Swirling, unpredictable winds ratcheted up the tension. Mickelson called the conditions “a little bit severe.” Ian Poulter labeled the course “tricky.” Pat Perez offered a two-word scouting report: “F—ing hard.” Spieth made another bogey at 7 but the ensuing comeback – he played the final 11 holes in two under – offered some insight into how one of golf’s grittiest grinders survived a brutal afternoon. “I’ve taken a lot of punches on this golf course,” Spieth said. “[Caddie Michael Greller] was really good at saying, ‘Man, you always take punches out here and come back stronger.'”

McIlroy, playing one group ahead of Spieth, took the clubhouse lead and for a while it looked like four under would be the magic number. Rory remains one of the game’s most overwhelming talents, and as good as his distance control and short putting was on Friday, he credited his fine play to the metaphysical.

“I’m happy with how I’ve felt and how I’ve handled certain things and how my thought process has been,” he said. “I feel relaxed. I feel good. You know, I’m constantly having a conversation with myself about staying in the present and just one shot at a time and all the cliché stuff that you hear about. But it’s true.”

McIlroy and Spieth are the two keynote players of the post-Tiger era, and both desperately need a Masters victory to make themselves whole; Rory would become only the sixth player to complete the career Grand Slam while Jordan could finally exorcise the ghosts of his epic Sunday collapse in 2016. But they will have to go through Leishman and Reed, who were in some of Friday’s last tee times and enjoyed more benign conditions as the wind slackened later in the afternoon. Both turbo-charged their rounds by birdieing the first three holes and then fought through the instinct to play prevent defense: Reed, with typically virtuoso wedge play, piled up six more birdies, while Leishman threw in another bird and an eagle on the 15th hole after stuffing his second shot to six feet.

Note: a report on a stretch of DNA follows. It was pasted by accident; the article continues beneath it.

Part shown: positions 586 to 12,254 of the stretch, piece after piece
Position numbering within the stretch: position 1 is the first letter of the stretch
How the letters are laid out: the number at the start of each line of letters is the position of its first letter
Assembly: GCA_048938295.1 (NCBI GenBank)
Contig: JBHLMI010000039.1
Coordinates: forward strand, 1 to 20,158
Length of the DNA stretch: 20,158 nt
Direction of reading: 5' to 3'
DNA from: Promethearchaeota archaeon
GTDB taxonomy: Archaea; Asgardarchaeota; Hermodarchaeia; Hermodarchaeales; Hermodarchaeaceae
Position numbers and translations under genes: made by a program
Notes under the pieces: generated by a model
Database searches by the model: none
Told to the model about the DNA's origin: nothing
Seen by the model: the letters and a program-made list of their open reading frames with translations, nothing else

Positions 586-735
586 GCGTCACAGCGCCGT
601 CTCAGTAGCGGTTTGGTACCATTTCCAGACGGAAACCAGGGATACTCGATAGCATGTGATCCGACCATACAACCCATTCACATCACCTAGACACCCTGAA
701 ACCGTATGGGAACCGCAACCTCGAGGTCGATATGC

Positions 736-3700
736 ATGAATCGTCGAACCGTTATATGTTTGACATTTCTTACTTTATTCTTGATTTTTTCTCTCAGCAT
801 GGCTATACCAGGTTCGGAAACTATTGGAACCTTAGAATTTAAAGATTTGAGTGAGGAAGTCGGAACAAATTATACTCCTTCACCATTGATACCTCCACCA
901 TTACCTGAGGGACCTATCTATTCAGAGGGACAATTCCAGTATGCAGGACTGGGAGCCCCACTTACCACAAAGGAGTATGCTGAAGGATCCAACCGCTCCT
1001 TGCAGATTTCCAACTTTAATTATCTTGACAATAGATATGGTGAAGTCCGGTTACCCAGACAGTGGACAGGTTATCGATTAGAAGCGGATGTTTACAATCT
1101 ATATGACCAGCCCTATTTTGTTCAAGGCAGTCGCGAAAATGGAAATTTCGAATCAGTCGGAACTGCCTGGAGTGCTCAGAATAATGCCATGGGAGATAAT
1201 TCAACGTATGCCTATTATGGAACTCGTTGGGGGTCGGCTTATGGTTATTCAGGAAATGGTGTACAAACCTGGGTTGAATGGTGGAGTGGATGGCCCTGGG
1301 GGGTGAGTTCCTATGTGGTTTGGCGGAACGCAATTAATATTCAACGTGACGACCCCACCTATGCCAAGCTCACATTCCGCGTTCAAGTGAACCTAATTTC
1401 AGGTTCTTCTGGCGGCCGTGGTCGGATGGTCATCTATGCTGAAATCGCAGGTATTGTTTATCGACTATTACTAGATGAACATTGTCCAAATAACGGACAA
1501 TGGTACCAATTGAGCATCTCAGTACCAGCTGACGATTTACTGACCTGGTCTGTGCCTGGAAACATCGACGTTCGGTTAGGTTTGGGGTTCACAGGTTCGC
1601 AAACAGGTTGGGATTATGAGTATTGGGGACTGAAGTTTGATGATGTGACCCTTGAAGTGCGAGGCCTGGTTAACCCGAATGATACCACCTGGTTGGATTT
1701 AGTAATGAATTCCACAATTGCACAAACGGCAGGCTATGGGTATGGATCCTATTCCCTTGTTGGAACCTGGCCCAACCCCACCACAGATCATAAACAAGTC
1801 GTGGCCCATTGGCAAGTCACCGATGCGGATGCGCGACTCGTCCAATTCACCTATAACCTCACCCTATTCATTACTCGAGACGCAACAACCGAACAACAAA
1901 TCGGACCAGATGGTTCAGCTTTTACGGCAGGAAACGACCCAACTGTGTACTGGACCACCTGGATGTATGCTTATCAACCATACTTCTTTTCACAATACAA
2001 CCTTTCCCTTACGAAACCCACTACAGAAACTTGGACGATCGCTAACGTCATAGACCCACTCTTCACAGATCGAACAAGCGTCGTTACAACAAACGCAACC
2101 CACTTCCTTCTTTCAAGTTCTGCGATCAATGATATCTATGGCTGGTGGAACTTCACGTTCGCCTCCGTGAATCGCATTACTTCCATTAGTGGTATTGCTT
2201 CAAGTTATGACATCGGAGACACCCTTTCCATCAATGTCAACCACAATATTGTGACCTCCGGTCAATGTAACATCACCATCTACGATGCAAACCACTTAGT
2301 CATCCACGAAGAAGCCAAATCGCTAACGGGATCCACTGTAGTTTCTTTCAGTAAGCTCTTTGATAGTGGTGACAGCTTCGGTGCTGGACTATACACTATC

Reed has always been an explosive presence on the golf course; his mother Jeannette says that as a junior player he was “like a volcano waiting to erupt.” He got kicked out of Georgia and very nearly his hometown college, Augusta State. Ever since he’s felt like an outsider in his own sport, and that sense of grievance fuels his hyper-aggressive play.

Leishman, 34, couldn’t be a more different bloke. Over the first two rounds he was paired with Tiger Woods, and in that cauldron his saunter was as leisurely as always, his easy smile omnipresent. Leishman is one of golf’s preeminent feel players and he pulled off the shot of the tournament so far on the 15th hole, slinging a five-iron from 210 yards out around a tree and across the sloping green. What was his thought process? “I thought it was a good time to give it a go,” Leishman said with a grin. “Doing that stuff is fun for me.”

As to how he can possibly survive the stress-fest of being in the final pairing on Saturday at the Masters, Leishman said, “I’ve obviously been through a lot off the course, and I feel like that helps me on the course. At the end of the day, it’s a game of golf, and that’s how I try and look at it, just as a game of golf. If I’m having fun out there, enjoying it, I feel like that’s how I’m going to play my best. And if I’m stressing about what might happen or what might not happen, I mean, I feel like that’s not going to help me. So I just try and enjoy myself.”

In other words, he passed the test.